OH GEE, THANKS DAVE! BUT HERE’S A POSSIBLITY ANYWAY. - Posted by Bill Gatten
Posted by Bill Gatten on May 16, 2000 at 13:43:33:
Oh, gee, thanks…Dave. Give me one that is not only a monkey hanger, but with 14 payments in arrears and legal fees to boot! Now this is what I call a test.
Understand that I work with properties that are 2 or 3 payments behind sometimes; but most often the only real problem the OTB* prospect has is that he is upside down by 5, 10 or 15%, and are heading for financial distress (lost job, no longer can afford the payments, etc.) and just want out. In those, we find (easily) someone who can afford five to six percent in upfront costs, and couldn’t care less about the over-encumbrance. [*Over the Barrel)
None-the-less…here is what I suggest for Mark’s situation (may work; many not work: but even if it doesn’t there is no better alternative and it certainly worth a couple hundred bucks for a newspaper ad).
Before Mark (or the lady) walks away…
The property is readied for placement into a land trust for sale of a beneficiary interest to someone who would prefer owning over renting, and who would be able to make the payments…but who wants a purchase in which he has no credit or bank qualifying (safety of the PACTRust makes eviction os easy than 2-3 payments in a Contingency Fund can cover a world of bad credit?if the tenant defaults, you just use their money to kick them out with).
First off…the ad says: NO QUAL., NO CRED. - $15,000 and 3 advance pmts MOVES YOU IN. Beautiful 3+2, FP, newly carpeted. Near shopping. Gorgeous! $100K home, only $735 p.mo Plus tx and ins. Call xxx xxx xxxx now."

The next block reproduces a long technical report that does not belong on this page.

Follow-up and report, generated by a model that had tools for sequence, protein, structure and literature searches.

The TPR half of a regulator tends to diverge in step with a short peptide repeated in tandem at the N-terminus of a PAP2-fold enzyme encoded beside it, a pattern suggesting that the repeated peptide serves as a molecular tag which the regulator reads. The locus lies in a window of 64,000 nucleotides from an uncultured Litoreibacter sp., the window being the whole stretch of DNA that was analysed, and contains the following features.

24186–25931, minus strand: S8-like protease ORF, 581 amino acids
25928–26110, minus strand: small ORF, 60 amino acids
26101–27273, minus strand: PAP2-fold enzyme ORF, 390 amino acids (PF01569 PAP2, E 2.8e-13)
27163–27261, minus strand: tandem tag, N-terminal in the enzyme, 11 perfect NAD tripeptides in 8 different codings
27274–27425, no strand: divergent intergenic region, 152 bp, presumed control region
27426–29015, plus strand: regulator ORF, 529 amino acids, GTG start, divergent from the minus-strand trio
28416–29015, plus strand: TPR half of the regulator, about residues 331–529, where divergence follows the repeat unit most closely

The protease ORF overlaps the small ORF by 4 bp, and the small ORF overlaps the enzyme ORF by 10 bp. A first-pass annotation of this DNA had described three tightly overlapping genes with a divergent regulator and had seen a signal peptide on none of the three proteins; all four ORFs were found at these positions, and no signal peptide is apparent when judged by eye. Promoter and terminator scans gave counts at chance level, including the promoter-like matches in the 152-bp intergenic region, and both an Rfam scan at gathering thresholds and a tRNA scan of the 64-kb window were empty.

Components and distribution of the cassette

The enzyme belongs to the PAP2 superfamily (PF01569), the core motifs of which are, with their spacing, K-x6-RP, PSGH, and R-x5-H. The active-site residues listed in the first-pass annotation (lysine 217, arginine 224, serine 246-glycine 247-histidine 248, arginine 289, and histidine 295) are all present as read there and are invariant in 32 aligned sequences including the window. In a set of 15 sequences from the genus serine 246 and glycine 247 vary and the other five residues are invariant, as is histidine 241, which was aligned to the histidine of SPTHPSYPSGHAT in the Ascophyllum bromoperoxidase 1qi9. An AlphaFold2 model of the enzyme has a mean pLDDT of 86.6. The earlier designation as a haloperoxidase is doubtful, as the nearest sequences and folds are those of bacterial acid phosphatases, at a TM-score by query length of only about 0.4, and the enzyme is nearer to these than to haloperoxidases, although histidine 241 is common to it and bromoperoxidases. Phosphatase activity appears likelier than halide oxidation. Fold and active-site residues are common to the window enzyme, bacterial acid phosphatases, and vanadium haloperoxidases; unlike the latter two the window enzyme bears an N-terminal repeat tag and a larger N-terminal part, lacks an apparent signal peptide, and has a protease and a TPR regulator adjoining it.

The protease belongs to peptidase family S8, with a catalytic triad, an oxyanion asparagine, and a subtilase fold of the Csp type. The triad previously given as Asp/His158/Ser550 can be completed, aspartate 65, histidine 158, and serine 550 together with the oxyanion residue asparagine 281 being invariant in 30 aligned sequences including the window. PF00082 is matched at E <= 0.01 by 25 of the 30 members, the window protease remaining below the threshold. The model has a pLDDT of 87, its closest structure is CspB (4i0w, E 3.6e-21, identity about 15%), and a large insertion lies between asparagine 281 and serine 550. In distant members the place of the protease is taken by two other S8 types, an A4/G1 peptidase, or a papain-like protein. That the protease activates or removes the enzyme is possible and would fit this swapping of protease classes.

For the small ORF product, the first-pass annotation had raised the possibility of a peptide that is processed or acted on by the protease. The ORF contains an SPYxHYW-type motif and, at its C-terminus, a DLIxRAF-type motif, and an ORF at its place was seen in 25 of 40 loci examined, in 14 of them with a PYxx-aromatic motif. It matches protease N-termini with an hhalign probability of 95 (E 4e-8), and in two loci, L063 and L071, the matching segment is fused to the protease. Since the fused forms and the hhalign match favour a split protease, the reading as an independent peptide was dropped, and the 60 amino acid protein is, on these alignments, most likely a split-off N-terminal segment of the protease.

When they call:
?Yes, we have this home over there on XXX street, and if you can cover the closing costs, we’ll just GIVE it to you (pause). The only thing we want out of it is to have you sell it or refinance it in, say, 5 or 6 years… and at time if there’s been any appreciation we’d like to share in, say, ___ percent of it with you."
Now understand, Dave, that the above is designed to make money for an investor who is helping the owner out of a problem. However, if I were consulting for the owner only, I?d be suggesting that this may be a way to get someone to take over her payments, while avoiding RE commission, and disposition costs.
Remember that, assuming a six or seven year old loan, whomever takes over the property this way, will be paying far less for it than someone who would buy it on a short sale. This is because the loan is aged (more applies to principal each month, than on a new loan); and the term remaining is less than the term would be for a new loan (fewer payment overall). And…overall, anyone in their right mind would rather own than rent, just from the tax drain standpoint. The over-encumbrance can be seen as a prepayment penalty if the property is scheduled for sale before appreciation and equity build-up from principal reduction has a chance to take the loan amount down sufficiently below the encumbrances.
ALSO?don?t forget that the amount of money that the buyer has to come in with can be lessened by the amount paid by the seller. She may say she can?t help financially: but think about what it going to cost her in debt relief taxes if she doesn?t (the BK has already happened?she?ll get with a 1099 and those taxes will be due now). It will be a lot less expensive to pay the buyer and few thousand than to pay the IRS a lot more?.and if she doesn?t have it now, she can pay it next year?or monthly?for a year or two?etc.
Like, I said Dave, we done these on many occasions?but their not as easy as the one that are jut over encumbered, without past due payments, charges, penalties, taxes, insurance etc.
ASSUMPTION TO BASE THIS LADY’S HOP ON: Someone with marginal credit will be happy to buy a house with as 15% down payment if he has the money. Someone with nor or bad credit, but good intentions, will be just as happy to spend the same amount of money (if they have it)…and the process described here protects well from missed and late payments (the defaulting party not only loses his home if he messes around, he looses $15,000 plus, and could up with a suit for all remaining payments and an IRS tax recapture on his back). And, too, even in the event of a default there are no payments past due, and the property’s value has probably gotten closer by that time to catching up with the loan amount.